It's not very often that a man gets to drive his adult son to school, so the day started off kinda strangely and then went from there.
The day before, Alexander had his tonsils removed. A lot of doctors these days recommend that they be left in, perchance to fight infection. But Alexander's tonsils had grown to the size where they sometimes restricted his breathing. His tonsils were huge; I asked the doctor if we could keep them, let them harden and then use them for a round of miniature golf. (No, the doc said; they have to go off to pathology, where, presumably, they're made into cufflinks and sold in Third World countries.)
Alexander actually had them removed at around 11:30 a.m. on Monday and then went to his 2 p.m. class. Since he was taking pain medication, he couldn't drive and needed a ride. (I never missed a day of school from kindergarten through the end of college, and Alexander hasn't, either. My daughter, Darlene, missed two days in the second-grade when she had chicken pox, so Alexander and I call her "the slacker.")
The next morning, Tuesday, April 5, Alexander had a 9:30 class, so I dropped him off at the UA Cesar Chavez Building and then drove to the Circle K on Park Avenue and Speedway Boulevard to get a soda. I got the drink and a copy of the Phoenix newspaper, and went back outside. Just then, I saw a guy I knew, and I headed toward the gas pumps to say hello.
It was at that moment that I heard the screeching of the tires from the big Mercury Marquis that was heading west on Speedway. Then, in quick succession, I heard the Marquis plow into the car that was making a left turn onto northbound Park, and then glance off a car that was stopped on southbound Park.
I didn't actually hear the Marquis hit the bicyclist, but I did look up in time to see the cyclist go flying through the air and land with a thud on the other side of the gas pump. After hitting the cyclist, the Marquis kept on coming, crashing over the curb, through the small bushes and then onto the Circle K property. The collision with the curb had bowed the tires outward, and the friction of the undercarriage on the ground quickly decelerated the car to a halt. (For the tiniest split second, I was afraid that it was going to come to rest atop the cyclist, but it ended up about 10 to 12 feet away.)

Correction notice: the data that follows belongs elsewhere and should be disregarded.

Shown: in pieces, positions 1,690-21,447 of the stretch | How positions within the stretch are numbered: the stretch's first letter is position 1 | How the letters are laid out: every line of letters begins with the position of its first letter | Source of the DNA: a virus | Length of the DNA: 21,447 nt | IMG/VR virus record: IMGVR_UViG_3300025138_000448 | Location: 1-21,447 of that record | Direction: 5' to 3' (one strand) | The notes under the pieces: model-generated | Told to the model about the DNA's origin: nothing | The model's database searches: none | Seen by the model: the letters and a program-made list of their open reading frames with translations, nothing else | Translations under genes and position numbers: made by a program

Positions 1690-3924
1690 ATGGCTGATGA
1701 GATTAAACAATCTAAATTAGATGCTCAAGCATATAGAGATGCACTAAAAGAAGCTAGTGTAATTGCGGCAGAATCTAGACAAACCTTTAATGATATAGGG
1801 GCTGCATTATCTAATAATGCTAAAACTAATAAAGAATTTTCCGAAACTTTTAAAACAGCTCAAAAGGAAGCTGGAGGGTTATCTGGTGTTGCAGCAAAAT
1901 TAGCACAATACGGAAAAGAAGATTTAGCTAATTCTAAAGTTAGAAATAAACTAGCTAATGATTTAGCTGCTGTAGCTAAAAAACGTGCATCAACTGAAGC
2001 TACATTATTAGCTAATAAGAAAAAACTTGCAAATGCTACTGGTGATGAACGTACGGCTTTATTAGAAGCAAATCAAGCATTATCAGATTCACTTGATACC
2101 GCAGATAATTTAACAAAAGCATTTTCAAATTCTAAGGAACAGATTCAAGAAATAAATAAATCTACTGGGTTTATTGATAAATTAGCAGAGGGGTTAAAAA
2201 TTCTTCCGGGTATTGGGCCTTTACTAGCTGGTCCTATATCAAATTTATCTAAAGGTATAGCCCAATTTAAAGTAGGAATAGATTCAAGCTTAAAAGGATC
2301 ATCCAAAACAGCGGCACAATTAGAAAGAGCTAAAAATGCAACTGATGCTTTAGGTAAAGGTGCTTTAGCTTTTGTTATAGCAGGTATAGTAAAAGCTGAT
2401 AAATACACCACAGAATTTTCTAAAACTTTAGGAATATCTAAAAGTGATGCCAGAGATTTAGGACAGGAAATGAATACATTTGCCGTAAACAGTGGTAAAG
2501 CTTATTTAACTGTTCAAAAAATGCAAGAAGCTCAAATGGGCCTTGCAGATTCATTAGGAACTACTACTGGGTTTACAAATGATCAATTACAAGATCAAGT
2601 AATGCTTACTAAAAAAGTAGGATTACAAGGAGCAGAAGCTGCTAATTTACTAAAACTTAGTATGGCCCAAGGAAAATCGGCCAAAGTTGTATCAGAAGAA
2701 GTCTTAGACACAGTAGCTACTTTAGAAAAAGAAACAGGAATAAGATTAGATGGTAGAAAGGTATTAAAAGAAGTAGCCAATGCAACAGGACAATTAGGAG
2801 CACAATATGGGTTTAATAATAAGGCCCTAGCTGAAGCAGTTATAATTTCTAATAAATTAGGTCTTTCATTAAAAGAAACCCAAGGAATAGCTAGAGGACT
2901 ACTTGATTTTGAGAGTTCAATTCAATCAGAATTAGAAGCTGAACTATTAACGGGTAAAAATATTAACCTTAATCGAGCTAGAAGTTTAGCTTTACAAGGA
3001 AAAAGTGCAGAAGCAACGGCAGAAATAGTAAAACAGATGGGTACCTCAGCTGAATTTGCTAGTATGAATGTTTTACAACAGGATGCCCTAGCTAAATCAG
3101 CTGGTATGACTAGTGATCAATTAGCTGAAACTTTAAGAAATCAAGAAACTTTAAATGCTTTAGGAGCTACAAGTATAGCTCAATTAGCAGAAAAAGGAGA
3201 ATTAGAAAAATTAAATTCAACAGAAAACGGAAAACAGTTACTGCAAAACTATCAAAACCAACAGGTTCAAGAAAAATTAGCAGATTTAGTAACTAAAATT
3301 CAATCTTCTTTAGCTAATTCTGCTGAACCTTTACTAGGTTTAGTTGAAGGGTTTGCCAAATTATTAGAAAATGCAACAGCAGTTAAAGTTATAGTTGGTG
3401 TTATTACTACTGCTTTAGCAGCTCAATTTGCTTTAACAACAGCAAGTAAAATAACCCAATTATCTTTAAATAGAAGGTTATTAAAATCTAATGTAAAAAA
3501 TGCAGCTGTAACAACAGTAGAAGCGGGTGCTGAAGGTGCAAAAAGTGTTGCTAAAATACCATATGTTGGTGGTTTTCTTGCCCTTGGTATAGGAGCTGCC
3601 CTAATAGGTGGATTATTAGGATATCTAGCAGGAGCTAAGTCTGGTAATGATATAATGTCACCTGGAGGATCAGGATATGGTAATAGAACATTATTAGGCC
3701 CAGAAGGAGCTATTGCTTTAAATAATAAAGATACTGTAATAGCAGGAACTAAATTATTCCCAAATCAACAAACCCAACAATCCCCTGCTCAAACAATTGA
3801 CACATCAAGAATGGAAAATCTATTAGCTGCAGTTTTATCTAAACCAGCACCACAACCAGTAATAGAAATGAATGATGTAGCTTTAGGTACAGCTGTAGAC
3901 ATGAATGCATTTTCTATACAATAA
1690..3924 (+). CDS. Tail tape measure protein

I went around the pumps to the cyclist, and it didn't look good. He was lying face-down amid a growing pool of blood and was completely motionless.
Kneeling next to the cyclist, I first put my hand on his back to see if I could tell whether he was breathing, and then felt the side of his neck to see if I could find a pulse. Neither was successful. After what seemed like forever, but was almost certainly less than a minute, he did a little half-cough/half-spit. A small amount of blood came out of his mouth, and he began breathing. And then, unfortunately for him, he began to regain consciousness.
All high school coaches in Arizona have to pass a course on CPR and first aid. Plus, many, many pounds ago, I used to be a lifeguard. (Insert whale jokes here.) As he began to move around, I talked to him and tried to get him to lie still. I did a quick check on him and could see that one leg was badly broken, and the other one might have been as well. While there was some blood on his face (he was still lying on his abdomen, but his face was turned sideways), I didn't see a huge cut.
The UA Police were the first on the scene, followed by the Tucson Police, then the Tucson Fire Department. I have to marvel at their coolness under pressure. They had him in the ambulance and on the way to the hospital in a very short period of time. One of his shoes had been knocked off in the impact. I retrieved it from the bushes, amid the mangled wreckage of his bicycle, and put it with his backpack. (No one in any of the cars was hurt.)
The cyclist hadn't been wearing a helmet. He probably thought that was OK. Maybe he only lived a couple of miles from campus, and he took side streets, and anyway, what was he supposed to do with his helmet while he was in class?
I was thinking of going to visit him, but decided against it. If God is merciful, the cyclist won't remember me or anything else from that awful day.